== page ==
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Donald J. Trump’s Destructive and Counterproductive Views on Drugs, Especially Opioids

2018-03-01

Mr. Trump has repeatedly expressed his views that countries with death penalty laws for drug trafficking have no problems with drugs.  Nothing could be further from the truth.  The countries that have the worst problems have reacted to them in the most retrogressive fashion.  The Philippines is one country that has devolved into open warfare between government agents and drug users, with many innocent bystanders caught in the crossfire.  Contrariwise, countries that have embraced decriminalization or even legalization have tamed their drug problems.  Portugal is a good example of a country that has dramatically reduced its problems with drugs by legalizing them and putting their resources into treatment and rehabilitation for drug users.

Mexico may follow the example of Portugal in decriminalizing drugs– former President Vicente Fox has come out strongly in favor of this position (See this Time article from 2011).  The bloodshed in Mexico that followed their declaration of a “war on drugs” has shown that drugs are simply too profitable and too popular to interdict successfully.

Mr. Trump’s retrograde position on drugs (and that of his Attorney General Jefferson Beauregard Sessions) is openly hostile to the concept of rehabilitation and harm reduction, and in favor of failed, violent responses to the problem.  If he is allowed to continue along this track, we will see increasing levels of reactive violence in the United States approaching those that have developed in Mexico.  Those who make their money selling drugs, if they are threatened with the death penalty, will have no hesitation in obtaining firearms and dealing death to their competitors, the police, the DEA, and innocent bystanders.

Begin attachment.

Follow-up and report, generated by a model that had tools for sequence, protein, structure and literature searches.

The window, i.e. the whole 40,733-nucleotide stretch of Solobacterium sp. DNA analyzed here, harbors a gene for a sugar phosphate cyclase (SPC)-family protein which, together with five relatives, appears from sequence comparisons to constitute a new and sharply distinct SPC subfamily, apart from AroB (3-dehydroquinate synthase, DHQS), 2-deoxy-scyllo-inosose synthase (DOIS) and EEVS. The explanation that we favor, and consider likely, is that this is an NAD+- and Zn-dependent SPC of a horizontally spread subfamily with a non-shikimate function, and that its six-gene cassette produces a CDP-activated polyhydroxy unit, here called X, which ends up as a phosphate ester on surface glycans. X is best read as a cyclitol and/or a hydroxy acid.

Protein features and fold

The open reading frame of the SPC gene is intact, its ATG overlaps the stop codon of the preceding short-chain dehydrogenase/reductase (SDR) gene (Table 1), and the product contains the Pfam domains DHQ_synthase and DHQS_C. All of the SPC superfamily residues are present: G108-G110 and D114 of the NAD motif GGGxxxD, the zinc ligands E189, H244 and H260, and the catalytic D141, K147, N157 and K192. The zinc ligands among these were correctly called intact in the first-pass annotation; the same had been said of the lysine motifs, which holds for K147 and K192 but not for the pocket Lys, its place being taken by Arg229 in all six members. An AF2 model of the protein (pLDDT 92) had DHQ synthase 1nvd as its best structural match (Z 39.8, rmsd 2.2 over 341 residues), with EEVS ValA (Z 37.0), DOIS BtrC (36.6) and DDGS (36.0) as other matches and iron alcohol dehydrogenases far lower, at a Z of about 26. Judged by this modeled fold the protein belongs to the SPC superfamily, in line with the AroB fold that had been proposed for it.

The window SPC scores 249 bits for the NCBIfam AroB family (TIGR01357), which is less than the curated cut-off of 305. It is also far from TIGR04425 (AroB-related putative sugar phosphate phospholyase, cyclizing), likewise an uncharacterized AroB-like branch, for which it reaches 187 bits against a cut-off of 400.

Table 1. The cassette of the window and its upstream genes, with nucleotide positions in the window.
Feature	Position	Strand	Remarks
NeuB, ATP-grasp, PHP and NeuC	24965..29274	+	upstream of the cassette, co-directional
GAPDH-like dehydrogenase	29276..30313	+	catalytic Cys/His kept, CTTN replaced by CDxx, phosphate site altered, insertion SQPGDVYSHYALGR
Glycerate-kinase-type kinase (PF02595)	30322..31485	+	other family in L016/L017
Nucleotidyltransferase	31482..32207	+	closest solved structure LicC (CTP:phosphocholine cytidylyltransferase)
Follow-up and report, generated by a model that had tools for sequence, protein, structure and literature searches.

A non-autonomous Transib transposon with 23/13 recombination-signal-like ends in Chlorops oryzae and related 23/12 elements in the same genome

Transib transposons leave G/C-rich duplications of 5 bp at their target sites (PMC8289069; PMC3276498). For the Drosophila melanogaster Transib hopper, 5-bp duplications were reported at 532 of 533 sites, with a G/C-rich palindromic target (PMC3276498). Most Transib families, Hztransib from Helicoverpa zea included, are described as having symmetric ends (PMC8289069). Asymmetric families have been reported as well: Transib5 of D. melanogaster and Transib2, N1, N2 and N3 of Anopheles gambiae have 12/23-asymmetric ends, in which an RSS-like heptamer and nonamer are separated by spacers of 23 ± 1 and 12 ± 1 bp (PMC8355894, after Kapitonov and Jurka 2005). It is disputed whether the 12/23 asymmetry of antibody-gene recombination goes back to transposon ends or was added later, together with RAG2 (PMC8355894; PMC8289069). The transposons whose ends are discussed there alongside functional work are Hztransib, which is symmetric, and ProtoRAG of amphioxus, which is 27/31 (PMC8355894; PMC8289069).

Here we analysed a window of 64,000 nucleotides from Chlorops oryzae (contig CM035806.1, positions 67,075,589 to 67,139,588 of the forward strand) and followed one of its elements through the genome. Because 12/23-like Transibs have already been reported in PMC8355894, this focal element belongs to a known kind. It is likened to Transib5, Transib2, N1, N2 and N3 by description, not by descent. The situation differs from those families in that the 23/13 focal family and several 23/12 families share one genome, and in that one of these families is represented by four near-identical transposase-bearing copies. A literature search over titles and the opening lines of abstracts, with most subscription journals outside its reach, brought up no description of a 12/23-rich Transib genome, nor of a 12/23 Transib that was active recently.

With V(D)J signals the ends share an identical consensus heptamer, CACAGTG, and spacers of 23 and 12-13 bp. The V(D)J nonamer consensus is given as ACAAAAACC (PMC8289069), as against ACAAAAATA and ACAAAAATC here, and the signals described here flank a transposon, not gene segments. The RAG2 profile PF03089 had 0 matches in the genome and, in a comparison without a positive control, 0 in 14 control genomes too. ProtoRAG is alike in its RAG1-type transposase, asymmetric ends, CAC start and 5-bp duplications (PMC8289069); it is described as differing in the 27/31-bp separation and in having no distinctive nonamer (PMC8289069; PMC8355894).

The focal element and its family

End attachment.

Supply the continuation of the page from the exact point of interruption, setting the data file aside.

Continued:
Mr. Session’s retrograde attitude to the state-led decriminalization of cannabis has already been noted and discussed.  It is clear that Mr. Session’s treatment of states that oppose Federal laws on this subject will only lead to more dissension and potentially violent opposition, not to mention the immediate disastrous effects for powerless individual drug users.

Parenthetically, again, the DEA’s reaction to the crisis in opioid overdoses is counterproductive and mean-spirited.  They have reacted by directing prescribers and pharmacists to greatly restrict the prescription of opioids for pain, and directing manufacturers to reduce the production of painkillers by 25%.  This is despite the fact that there has been little increase in the volume of prescription opioids dispensed over the last ten years– the recent huge increase in overdose deaths has been entirely due to use of illicit heroin, much of which has been fortified with illicit fentanyl.  Reducing the availability of prescription opioids will only drive those desperate for pain relief to the illicit market (where it is cheaper in any case) and increase overdose deaths from the use of fentanyl-enhanced heroin.

(photo “rastaman” courtesy of pixabay.com and Alexas_Fotos)

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